On Tue, Oct 13, 2009 at 3:52 PM, Don Dutile <ddutile(a)redhat.com> wrote:
> Gianluca Cecchi wrote:
>> I don't remember if it is possible to connect to qemu monitor with
>> virt-manager/libvirtd managed guests.
>> If so, how can I accomplish this?
>> Thanks in advance,
> do you mean?:
> virsh console <guest-name>
No, not this.
Putting correct lines in guest kernel command line I'm able to see what you
wrote, directly from virt-manager through
View --> Consoles --> Serial 0
I mean qemu monitor itself. The one that you activate inside qemu guest when
you run qemu or qemu-kvm and then press Ctrl+ Alt + 2
and you get something like
QEMU 0.11.0 monitor - type 'help' for more information
I understand that it would be risky to make things from the qemu monitor
itself bypassing libvirt, and so I asked, just to know
According to https://fedoraproject.org/wiki/Features/VirtgPXE the switch
to gPXE should make PXE 'localboot' (which etherboot didn't support)
start working. I've tried setting up a network booting VM on a host
running F11 + virt-preview and while it uses gPXE, loading a pxelinux
configuration that tries to do localboot doesn't work - gPXE loops and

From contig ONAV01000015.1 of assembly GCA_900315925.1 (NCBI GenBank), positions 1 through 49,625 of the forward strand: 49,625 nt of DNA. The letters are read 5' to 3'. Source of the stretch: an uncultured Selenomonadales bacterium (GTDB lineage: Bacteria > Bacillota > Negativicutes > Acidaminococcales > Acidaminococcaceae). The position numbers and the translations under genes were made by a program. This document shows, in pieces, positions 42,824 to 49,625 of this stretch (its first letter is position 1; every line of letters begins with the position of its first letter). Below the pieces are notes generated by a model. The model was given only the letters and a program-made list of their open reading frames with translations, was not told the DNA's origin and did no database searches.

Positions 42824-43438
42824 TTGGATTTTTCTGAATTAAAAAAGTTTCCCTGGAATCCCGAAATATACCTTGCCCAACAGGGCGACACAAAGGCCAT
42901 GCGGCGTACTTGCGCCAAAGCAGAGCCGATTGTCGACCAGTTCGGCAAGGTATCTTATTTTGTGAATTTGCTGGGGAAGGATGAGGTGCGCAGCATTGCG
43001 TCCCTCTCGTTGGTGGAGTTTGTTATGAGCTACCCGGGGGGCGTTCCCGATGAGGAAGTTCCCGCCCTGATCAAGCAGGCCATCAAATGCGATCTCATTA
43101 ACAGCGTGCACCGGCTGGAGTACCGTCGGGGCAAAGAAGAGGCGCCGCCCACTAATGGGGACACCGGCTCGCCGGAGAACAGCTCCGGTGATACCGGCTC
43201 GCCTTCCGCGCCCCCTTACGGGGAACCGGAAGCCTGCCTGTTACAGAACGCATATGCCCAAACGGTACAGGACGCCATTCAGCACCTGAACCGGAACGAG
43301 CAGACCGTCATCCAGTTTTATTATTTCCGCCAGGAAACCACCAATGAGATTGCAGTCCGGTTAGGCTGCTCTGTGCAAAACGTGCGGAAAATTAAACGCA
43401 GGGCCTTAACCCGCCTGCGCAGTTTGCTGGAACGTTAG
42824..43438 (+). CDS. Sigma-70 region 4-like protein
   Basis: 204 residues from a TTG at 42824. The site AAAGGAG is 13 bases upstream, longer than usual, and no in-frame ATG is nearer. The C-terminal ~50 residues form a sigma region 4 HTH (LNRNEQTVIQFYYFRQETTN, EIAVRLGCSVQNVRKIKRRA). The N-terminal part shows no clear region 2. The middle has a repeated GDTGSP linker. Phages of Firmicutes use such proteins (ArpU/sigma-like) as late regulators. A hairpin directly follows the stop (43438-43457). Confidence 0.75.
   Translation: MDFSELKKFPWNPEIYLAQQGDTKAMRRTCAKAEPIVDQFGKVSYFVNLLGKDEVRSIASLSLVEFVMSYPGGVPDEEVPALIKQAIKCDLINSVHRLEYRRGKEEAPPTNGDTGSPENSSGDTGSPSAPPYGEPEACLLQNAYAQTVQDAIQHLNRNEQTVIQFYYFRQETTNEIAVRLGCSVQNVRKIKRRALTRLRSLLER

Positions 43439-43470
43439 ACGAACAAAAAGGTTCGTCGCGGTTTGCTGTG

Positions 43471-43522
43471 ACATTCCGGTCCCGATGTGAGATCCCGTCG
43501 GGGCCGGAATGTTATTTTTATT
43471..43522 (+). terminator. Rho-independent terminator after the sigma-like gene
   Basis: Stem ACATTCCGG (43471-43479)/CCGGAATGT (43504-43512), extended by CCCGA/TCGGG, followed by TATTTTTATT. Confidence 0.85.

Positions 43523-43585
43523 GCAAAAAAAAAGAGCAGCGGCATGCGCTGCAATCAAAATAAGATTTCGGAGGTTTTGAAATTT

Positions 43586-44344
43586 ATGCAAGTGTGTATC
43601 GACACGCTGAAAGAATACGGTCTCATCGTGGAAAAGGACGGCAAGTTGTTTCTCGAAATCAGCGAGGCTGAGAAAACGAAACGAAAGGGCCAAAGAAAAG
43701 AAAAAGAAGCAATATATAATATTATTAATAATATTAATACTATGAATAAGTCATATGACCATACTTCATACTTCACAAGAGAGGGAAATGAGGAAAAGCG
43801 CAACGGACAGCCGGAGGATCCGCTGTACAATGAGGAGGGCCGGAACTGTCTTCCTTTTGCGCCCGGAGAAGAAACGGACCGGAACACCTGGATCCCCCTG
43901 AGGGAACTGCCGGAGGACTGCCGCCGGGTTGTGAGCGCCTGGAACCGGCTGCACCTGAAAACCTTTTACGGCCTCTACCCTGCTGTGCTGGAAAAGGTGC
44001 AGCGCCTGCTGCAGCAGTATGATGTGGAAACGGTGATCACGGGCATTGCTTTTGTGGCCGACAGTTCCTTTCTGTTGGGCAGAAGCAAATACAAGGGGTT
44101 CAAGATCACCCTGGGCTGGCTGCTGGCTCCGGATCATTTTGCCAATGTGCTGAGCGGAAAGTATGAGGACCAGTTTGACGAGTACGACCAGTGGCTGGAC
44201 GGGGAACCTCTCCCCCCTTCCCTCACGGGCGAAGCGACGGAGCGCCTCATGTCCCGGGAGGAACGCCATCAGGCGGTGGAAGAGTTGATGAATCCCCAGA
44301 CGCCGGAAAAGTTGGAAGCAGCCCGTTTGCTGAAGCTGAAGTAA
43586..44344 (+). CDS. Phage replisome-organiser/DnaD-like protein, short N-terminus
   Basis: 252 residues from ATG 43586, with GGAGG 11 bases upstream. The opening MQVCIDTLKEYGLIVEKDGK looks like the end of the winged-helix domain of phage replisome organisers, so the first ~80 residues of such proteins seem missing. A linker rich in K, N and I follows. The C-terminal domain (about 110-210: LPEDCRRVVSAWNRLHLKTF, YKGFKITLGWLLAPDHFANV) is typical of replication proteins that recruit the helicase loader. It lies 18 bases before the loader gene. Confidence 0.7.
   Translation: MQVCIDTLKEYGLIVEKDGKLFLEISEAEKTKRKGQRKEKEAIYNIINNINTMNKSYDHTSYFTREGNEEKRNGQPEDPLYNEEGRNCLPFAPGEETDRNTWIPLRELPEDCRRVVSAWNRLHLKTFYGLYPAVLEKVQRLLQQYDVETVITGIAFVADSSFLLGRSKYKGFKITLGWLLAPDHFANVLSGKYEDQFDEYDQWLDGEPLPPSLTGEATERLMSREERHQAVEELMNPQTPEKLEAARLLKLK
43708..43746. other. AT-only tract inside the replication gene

does DHCP again. The same config does work on real hardware, so am I
missing a detail somewhere, do I need a full F12 install, or is this not
supposed to be working yet?
 screenshot here:
On Sat, Oct 10, 2009 at 04:56:35PM +0300, Vitaliy Yermolenko wrote:
> I'm a big fun of Red Hat/Fedora distributives, and, have tried your
> febootstrap Fedora bootstrapping system, which seems very interesting for me
> in order to make own lightweighted Fedora-based Linux distributive.
> I'm currently using Fedora 11 with fresh 184.108.40.206 kernel on AMD Phenom II X4
> 945 CPU. But, unfortunately, I have got many segmentation faults during
> running ./minimal-filesystem.sh - see below.
You should ask questions on one of the proper mailing lists. I've
CC'd this to fedora-virt.
Segfaults are almost certainly because you're trying to install a
guest >= F12 on an F11 host. There's some ABI incompatibility in
glibc which causes fakeroot to segfault in this case.
Install an F11 guest if you have an F11 host, or upgrade to F12 host.
Richard Jones, Emerging Technologies, Red Hat http://et.redhat.com/~rjones
libguestfs lets you edit virtual machines. Supports shell scripting,
bindings from many languages. http://et.redhat.com/~rjones/libguestfs/
See what it can do: http://et.redhat.com/~rjones/libguestfs/recipes.html
I've started playing with libvirt and I have question?
What is proper way to make guest accessible from net.
I have mode=nat /var/lib/libvirt/network/default.xml.
libvirtd makes this rules in FORWARD chain
-A FORWARD -d 192.168.231.0/24 -o virbr0 -m state --state
RELATED,ESTABLISHED -j ACCEPT
-A FORWARD -s 192.168.231.0/24 -i virbr0 -j ACCEPT
-A FORWARD -i virbr0 -o virbr0 -j ACCEPT
-A FORWARD -o virbr0 -j REJECT --reject-with icmp-port-unreachable
-A FORWARD -i virbr0 -j REJECT --reject-with icmp-port-unreachable